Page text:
The Injustice universe is one where normal conventions are upended. Superman is an imprisoned tyrant, Batman is at odds with the Justice League and superheroes kill one another. It's also a place that levels the playing the playing field, where characters like Harley Quinn rise from the rank of sidekick to take down overpowered super villains like Brainiac.
As such, Injustice 2 is a fighting game that asks: What if? Which is one of the reasons why we enjoyed it so such.
From the outset, Injustice 2's story mode throws you right into the mix, as Batman and Robin (Damian Wayne in this case) head to Arkham Asylum to confront Superman. Following this scene, which sees the Dark Knight part ways with his Boy Wonder, gamers are thrust a few years forward and into the midst of the numerous conflicts within the Injustice 2 universe.
It's not difficult to get your bearings, but unless you played the Gods Among Us original game, you may be a tad lost as to the lore of this title. As such, developer NetherRealm may try to do a better job of orienting gamers that aren't well versed with DC.
Nevertheless, the story mode is engaging, with cinematic scenes that would do a big budget animated film justice. For gamers that are on the lookout for an immersive story, Injustice 2 delivers, with the motivations for various characters given as much attention as the gameplay.
If we were to critique it, however, it would be that the game is too short, taking a little over three hours to complete.
Mixed martial arts
While DC lore and additional content are a big part of the Injustice 2 experience, at its core it's a fighting game, and a solid one at that. The fighting mechanics are quite similar to Mortal Kombat X, with NetherRealm having helmed that game too. As with that title, keeping a steady flow of momentum in fights is key, as you try to string together as many combos possible and ensure your opponent cannot counter.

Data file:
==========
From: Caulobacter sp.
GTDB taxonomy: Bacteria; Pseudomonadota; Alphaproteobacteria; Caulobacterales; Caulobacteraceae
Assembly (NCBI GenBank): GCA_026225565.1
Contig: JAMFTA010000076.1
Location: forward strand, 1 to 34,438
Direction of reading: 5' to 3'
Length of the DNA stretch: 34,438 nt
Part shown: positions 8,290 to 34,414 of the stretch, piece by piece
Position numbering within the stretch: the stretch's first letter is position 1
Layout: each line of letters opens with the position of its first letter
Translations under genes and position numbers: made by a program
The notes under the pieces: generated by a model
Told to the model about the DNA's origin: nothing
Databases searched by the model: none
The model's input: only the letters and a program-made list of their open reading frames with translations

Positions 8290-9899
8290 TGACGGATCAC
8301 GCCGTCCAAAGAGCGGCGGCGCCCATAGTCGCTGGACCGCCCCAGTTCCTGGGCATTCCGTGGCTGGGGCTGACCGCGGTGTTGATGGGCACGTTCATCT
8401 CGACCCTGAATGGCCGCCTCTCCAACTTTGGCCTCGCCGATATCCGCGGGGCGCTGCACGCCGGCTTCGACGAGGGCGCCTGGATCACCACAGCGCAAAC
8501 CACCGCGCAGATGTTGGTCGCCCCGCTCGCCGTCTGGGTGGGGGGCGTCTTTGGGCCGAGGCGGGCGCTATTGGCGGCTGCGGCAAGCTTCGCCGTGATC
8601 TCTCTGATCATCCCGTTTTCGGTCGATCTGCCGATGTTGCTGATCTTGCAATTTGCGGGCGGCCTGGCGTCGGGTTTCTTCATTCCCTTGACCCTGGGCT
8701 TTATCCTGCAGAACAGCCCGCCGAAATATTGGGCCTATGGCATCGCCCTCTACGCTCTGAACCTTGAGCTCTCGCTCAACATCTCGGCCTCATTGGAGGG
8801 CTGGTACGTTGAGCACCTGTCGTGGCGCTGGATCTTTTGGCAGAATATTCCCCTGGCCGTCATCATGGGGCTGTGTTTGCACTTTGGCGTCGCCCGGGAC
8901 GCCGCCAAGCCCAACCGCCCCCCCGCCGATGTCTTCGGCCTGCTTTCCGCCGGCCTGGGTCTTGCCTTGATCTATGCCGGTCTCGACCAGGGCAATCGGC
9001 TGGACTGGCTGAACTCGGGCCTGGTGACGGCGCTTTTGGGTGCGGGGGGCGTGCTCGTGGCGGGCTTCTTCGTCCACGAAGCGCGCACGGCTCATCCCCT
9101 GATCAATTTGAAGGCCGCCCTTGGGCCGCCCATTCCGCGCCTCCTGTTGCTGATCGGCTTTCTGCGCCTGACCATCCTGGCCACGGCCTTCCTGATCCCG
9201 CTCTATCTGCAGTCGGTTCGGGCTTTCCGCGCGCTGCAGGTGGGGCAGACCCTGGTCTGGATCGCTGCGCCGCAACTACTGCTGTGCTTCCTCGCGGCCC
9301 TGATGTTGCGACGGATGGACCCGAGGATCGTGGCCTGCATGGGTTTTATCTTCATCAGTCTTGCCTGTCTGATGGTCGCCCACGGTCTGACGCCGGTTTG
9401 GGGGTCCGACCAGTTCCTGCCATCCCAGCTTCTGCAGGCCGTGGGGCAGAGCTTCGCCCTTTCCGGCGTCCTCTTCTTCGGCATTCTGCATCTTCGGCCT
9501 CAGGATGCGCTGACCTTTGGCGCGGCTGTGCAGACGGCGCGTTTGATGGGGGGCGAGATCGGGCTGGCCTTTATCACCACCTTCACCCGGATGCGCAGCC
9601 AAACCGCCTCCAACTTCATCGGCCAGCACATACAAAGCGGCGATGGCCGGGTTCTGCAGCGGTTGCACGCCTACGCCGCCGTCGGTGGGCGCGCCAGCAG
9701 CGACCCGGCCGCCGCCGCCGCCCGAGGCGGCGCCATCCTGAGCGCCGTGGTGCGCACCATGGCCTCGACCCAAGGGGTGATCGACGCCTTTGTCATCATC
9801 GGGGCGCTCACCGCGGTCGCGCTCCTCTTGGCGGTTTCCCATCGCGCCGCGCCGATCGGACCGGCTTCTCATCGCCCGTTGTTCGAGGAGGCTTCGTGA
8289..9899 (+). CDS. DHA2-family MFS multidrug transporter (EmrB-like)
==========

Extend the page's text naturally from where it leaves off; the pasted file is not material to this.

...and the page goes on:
Speaking of the counters and defensive moves, they're a bit harder to pull off than we anticipated. It may be the fact that controller's analog stick (PS4) doesn't quite relay the difference between a simple backwards and diagonal backwards move. Consequently, the counter moves or ranged attacks we tried to pull off, didn't work as regularly as wanted. It's a small niggle, but can become quite frustrating when you're taking on a level 20+ Superman while you're still at level 12 with Batman.
As we've seen in the numerous trailers from NetherRealm, there's a ton of loot to earn. To that end, unique gear customised to specific characters, can be earned by completing the story mode or taking on the Multiverse challenge.
The latter builds into DC lore, with several different iterations of Earth existing with their own crises that need addressing. The result is the ability to take on alternate versions of the entire DC roster, earning different levels of loot (in the form of Mother Boxes) in the process.
The gear system truly comes into play for the online multiplayer mode of Injustice 2. It's here where gamers must give careful consideration to the types of gear they choose to use, worrying more about the right combination, as opposed to how it looks. To that end, if gear is used correctly, a lower level character can hold their own against a much stronger opponent.
There is plenty to enjoy about Injustice 2. At its core as a fighting title, it ticks all the boxes, but also adds an extensive DC lore to it, immersing gamers even further. The story mode too is engaging, if a little too short in our books. Add to that a ton of loot to earn across the board, and Injustice 2 should appeal highly to fans of the comic books and the characters within them.
If there is one element lacking for this game, it's that dynamism in terms of the types of fighting styles, or indeed fighting modes, are a little limited. Luckily, there is DLC on the way in the form of new characters (Red Hood, Wonder Woman Multiverse), which should help keep gamer interest.